I recommended this book during the Connect week of the Year of Words Book Challenge. I didn’t have time, that week, to read it, but it really grabbed my attention, so I did buy it. I finally found some time to read The Life We Bury, and I’m so glad I did.The Life We Bury by Allen Eskens
Published by Seventh Street Books on October 14th 2014
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College student Joe Talbert has the modest goal of completing a writing assignment for an English class. His task is to interview a stranger and write a brief biography of the person. With deadlines looming, Joe heads to a nearby nursing home to find a willing subject. There he meets Carl Iverson, and soon nothing in Joe's life is ever the same.
Carl is a dying Vietnam veteran--and a convicted murderer. With only a few months to live, he has been medically paroled to a nursing home, after spending thirty years in prison for the crimes of rape and murder.
As Joe writes about Carl's life, especially Carl's valor in Vietnam, he cannot reconcile the heroism of the soldier with the despicable acts of the convict. Joe, along with his skeptical female neighbor, throws himself into uncovering the truth, but he is hamstrung in his efforts by having to deal with his dangerously dysfunctional mother, the guilt of leaving his autistic brother vulnerable, and a haunting childhood memory.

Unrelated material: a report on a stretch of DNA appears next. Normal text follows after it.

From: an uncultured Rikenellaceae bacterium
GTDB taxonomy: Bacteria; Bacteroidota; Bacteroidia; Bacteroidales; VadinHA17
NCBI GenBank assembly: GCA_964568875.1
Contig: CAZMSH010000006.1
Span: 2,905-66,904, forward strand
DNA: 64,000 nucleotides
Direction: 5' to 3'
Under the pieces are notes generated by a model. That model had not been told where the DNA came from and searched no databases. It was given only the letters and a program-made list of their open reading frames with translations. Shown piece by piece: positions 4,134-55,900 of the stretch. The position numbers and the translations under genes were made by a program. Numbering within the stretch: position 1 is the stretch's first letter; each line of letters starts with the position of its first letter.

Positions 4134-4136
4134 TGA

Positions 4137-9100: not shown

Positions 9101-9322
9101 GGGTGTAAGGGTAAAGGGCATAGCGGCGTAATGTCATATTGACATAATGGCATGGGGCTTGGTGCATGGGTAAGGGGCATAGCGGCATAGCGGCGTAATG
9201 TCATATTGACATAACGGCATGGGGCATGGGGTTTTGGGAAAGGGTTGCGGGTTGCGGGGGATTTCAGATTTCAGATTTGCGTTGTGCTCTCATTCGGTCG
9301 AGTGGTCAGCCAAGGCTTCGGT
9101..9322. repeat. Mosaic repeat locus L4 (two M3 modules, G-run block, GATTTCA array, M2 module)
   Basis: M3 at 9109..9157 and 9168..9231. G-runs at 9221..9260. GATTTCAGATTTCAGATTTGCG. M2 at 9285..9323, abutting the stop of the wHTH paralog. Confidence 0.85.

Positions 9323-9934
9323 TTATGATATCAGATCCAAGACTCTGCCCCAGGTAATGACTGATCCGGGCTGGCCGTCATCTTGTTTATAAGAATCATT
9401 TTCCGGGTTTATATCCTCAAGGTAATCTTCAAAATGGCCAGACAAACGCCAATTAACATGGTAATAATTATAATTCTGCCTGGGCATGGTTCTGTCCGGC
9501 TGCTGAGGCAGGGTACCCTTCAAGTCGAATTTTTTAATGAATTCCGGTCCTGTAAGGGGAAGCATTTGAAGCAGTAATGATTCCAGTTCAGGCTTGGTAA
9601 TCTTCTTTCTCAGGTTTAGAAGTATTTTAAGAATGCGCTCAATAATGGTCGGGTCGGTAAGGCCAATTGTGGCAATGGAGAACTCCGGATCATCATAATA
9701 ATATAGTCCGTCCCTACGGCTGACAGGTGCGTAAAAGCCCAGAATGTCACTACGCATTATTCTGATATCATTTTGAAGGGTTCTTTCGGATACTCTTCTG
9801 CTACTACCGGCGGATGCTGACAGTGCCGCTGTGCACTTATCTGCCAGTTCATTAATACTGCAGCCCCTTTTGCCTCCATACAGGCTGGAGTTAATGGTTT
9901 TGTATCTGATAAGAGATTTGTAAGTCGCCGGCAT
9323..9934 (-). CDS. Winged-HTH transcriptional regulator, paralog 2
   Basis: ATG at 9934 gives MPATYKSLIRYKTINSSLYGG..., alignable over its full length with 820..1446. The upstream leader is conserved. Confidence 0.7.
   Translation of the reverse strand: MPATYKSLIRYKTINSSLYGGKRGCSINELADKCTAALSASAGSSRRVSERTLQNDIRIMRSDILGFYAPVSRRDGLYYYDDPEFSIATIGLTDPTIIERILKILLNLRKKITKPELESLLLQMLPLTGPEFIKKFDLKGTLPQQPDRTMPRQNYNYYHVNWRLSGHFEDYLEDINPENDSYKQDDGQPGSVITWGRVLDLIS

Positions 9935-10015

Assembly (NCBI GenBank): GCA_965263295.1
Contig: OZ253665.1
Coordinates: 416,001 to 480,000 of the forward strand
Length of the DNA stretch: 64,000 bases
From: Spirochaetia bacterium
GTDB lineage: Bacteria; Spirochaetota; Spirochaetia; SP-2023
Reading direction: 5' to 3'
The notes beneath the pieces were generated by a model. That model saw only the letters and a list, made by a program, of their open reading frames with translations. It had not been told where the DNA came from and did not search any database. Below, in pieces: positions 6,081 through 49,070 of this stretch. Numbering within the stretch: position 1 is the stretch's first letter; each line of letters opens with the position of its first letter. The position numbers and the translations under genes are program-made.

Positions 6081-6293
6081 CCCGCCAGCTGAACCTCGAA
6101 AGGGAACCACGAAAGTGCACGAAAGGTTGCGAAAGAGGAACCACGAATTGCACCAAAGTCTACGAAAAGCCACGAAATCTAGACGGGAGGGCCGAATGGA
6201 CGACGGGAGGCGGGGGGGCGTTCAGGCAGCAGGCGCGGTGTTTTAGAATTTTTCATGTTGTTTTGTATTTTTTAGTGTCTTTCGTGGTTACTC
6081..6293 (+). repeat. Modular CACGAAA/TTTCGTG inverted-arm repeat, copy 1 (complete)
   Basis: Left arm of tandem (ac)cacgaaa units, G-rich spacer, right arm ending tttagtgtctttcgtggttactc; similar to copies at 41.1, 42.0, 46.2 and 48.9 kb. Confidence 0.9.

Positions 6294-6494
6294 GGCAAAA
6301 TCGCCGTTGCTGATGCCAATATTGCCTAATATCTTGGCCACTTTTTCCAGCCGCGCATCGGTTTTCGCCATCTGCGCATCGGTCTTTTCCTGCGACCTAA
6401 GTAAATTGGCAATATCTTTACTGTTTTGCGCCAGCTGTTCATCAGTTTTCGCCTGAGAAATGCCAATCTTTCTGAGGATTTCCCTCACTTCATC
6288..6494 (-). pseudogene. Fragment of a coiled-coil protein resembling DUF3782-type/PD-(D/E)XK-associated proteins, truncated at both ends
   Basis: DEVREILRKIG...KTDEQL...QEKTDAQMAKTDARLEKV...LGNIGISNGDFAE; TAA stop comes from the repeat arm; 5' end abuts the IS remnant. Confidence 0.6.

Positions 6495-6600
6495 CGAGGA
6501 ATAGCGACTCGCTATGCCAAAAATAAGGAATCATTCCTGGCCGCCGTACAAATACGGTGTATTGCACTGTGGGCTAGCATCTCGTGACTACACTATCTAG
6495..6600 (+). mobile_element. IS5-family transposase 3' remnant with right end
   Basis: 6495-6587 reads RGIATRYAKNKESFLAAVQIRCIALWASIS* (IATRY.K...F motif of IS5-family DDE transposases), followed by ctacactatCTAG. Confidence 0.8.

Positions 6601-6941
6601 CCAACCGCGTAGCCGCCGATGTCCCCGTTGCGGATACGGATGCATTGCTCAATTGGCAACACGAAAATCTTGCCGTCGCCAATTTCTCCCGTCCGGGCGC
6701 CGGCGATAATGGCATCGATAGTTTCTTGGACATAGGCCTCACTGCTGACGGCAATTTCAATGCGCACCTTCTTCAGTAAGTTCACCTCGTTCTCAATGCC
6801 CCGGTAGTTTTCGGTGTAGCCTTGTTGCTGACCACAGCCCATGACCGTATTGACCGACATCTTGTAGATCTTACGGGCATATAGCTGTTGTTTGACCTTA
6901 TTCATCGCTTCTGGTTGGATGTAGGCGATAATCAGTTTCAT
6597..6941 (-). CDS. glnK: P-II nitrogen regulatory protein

Thread by thread, Joe unravels the tapestry of Carl’s conviction. But as he and Lila dig deeper into the circumstances of the crime, the stakes grow higher. Will Joe discover the truth before it’s too late to escape the fallout?
I really enjoyed the fact this was pretty much a “mystery” novel, but instead of the book being completely focused on the mystery, this book was focused on the relationships and the characters. The characters drove the story, the mystery is kind of what drove the characters.
I loved that there was something admirable about each character, but they weren’t so perfect that you felt they were fake or couldn’t relate to them. Each character had a past, had made mistakes, wasn’t perfect, and was living with and through the parts of their lives that had changed them. They found each other, and through their connections they all became stronger.
I also liked that there were a couple twisty parts at the end, that I probably should have seen coming, but was so engrossed in the story I didn’t even think that far ahead.
This is as much a story about a young man seeking truth for a war hero who spent his life in prison for a crime he says he didn’t commit, as it is about overcoming our own guilt and short comings.
This was a great read, I couldn’t put it down. If you’re looking for a book for the word “connect” this is a great one.